In this topic guide we explain postmodernism and its characteristics. We mainly focus on postmodern literature, but also include many examples of postmodern movies and tv series. When we use the terms “text” and “fiction” in this guide, it often includes media texts.

We first give you a definition of postmodernism before focusing on stylistic traits such as metafiction, fragmentation and pastiche, intertextuality, black humor and irony, and postmodern literature. Learning about these aspects will help you understand postmodernism as a movement and will also make it easier to analyze texts with postmodern characteristics.

If you want a brief overview of postmodernism, you can find it here.

Postmodernism is sometimes also spelled post-modernism.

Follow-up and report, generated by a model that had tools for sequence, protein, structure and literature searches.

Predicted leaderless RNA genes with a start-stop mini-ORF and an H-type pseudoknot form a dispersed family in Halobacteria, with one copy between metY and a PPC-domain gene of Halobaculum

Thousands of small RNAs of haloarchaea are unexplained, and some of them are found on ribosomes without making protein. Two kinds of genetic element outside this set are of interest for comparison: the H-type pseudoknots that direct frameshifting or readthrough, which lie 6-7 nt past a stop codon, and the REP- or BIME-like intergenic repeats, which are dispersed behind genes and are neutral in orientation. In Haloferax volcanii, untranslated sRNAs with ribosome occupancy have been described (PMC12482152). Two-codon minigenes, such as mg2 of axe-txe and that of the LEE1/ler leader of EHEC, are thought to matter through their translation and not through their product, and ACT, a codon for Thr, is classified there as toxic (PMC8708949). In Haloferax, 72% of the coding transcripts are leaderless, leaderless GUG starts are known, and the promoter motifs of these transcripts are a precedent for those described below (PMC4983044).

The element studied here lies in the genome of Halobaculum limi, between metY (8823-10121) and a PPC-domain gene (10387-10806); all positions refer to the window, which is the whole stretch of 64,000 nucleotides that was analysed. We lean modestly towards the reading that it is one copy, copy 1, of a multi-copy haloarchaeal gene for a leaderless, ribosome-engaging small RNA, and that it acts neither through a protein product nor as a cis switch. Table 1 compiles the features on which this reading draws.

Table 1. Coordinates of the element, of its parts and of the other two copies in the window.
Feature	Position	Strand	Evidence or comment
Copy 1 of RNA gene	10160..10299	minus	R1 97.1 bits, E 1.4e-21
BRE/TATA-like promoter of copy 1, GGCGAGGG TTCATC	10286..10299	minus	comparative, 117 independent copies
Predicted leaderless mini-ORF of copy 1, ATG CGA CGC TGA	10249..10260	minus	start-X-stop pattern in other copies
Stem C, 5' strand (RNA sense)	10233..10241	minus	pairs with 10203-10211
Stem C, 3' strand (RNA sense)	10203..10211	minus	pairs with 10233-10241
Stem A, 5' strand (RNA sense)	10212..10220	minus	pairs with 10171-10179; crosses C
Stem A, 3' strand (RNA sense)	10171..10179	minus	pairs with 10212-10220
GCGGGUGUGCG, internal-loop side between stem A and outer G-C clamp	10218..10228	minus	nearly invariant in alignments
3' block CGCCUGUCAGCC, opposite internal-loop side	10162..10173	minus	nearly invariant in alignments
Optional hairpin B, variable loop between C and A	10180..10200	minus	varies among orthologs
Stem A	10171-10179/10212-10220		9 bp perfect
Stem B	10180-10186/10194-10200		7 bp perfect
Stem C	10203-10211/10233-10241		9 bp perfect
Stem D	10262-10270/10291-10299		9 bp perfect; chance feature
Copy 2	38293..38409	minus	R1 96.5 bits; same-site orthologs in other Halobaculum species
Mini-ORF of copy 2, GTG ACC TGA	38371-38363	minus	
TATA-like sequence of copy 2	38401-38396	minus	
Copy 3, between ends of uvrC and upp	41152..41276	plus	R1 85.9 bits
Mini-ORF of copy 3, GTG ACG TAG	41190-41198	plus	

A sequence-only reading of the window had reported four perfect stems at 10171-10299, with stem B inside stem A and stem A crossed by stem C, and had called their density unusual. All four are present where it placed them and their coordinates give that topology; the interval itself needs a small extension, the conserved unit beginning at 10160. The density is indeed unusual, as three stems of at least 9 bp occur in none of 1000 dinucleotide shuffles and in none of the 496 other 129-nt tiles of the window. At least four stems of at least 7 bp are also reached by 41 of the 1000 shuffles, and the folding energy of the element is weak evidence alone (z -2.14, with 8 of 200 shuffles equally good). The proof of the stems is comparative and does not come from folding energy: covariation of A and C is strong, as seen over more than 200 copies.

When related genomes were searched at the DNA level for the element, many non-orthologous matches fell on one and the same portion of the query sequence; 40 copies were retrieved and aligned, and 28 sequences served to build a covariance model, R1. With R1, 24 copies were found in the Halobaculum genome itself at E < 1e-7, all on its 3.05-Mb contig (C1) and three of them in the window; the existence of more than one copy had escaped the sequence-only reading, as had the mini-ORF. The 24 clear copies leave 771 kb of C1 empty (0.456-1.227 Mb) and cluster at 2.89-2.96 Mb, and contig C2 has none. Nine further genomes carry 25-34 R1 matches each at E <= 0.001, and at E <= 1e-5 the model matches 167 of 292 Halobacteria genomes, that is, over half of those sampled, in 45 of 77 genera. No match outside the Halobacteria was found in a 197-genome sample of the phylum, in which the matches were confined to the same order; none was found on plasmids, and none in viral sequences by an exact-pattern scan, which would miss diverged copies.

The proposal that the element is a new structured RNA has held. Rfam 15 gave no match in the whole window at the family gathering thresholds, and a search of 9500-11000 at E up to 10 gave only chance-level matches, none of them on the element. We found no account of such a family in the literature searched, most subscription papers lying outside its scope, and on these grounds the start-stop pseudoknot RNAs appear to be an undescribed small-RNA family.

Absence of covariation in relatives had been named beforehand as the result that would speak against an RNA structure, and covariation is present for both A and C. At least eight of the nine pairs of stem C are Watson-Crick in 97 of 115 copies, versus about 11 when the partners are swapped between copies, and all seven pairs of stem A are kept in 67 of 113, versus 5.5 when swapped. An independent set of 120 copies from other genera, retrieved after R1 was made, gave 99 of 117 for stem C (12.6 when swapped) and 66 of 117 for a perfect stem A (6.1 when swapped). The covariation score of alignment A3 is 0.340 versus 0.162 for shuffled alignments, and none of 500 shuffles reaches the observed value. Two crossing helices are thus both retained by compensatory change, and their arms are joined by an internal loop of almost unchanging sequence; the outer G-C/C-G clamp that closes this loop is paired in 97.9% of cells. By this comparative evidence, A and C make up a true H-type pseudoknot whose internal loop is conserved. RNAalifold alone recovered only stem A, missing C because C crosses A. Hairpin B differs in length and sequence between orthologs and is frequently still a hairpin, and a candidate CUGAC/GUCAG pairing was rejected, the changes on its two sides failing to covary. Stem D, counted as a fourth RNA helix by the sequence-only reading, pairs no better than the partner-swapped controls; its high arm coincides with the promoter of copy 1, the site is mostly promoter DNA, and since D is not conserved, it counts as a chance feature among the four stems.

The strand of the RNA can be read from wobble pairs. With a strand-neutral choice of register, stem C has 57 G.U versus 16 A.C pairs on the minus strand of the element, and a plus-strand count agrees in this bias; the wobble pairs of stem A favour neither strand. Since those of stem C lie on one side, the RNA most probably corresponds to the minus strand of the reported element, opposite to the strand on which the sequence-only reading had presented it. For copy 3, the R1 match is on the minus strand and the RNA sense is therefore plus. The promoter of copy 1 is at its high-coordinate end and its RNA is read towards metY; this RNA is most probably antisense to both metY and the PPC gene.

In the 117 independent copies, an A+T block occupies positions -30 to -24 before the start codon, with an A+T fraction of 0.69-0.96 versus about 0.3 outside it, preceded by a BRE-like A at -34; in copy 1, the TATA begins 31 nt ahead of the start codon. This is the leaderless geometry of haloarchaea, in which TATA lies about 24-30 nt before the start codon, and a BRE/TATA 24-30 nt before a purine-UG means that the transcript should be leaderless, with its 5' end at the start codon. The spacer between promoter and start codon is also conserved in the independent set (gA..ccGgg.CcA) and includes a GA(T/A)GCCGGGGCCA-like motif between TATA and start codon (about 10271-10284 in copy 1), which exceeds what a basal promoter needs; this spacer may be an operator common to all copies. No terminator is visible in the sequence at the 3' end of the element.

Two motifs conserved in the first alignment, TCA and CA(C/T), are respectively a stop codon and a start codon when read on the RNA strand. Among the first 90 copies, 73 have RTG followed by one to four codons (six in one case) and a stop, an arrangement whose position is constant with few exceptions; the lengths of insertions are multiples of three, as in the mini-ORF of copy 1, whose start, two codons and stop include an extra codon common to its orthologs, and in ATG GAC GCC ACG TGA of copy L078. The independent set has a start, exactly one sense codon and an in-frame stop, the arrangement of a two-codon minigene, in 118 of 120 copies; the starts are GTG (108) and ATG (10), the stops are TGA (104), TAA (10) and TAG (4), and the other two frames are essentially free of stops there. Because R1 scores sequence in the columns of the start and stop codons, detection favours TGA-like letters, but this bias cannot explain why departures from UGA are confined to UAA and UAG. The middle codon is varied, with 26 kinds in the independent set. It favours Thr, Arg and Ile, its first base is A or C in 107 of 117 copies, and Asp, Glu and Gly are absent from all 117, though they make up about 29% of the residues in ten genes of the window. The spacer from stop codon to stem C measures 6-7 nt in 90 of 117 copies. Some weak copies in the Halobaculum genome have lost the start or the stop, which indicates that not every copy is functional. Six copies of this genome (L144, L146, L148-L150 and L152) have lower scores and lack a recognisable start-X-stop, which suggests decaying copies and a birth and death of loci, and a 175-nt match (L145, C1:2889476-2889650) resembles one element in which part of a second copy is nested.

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Unreliable narrators

Postmodern metafiction can also take the form of an unreliable narrator. As readers, we normally trust the narrator, but in postmodern fiction the narrator may be fooling himself or outright lying, which colors our perception of the story. This forces the readers to take on a more active role and try to work out how things really are.

The use of unreliable narrators is linked to the postmodern idea that truth is relative. There is no truth - it all depends on who you ask. The same goes for identity; one person can in fact have multiple identities depending on the situation.

A good example of a potentially unreliable narrator is the one we meet in American Psycho (1991) by Bret Easton Ellis. The narrator believes that he becomes a serial killer, but the novel leaves enough ambiguity for us to wonder whether it is all in his mind or not.

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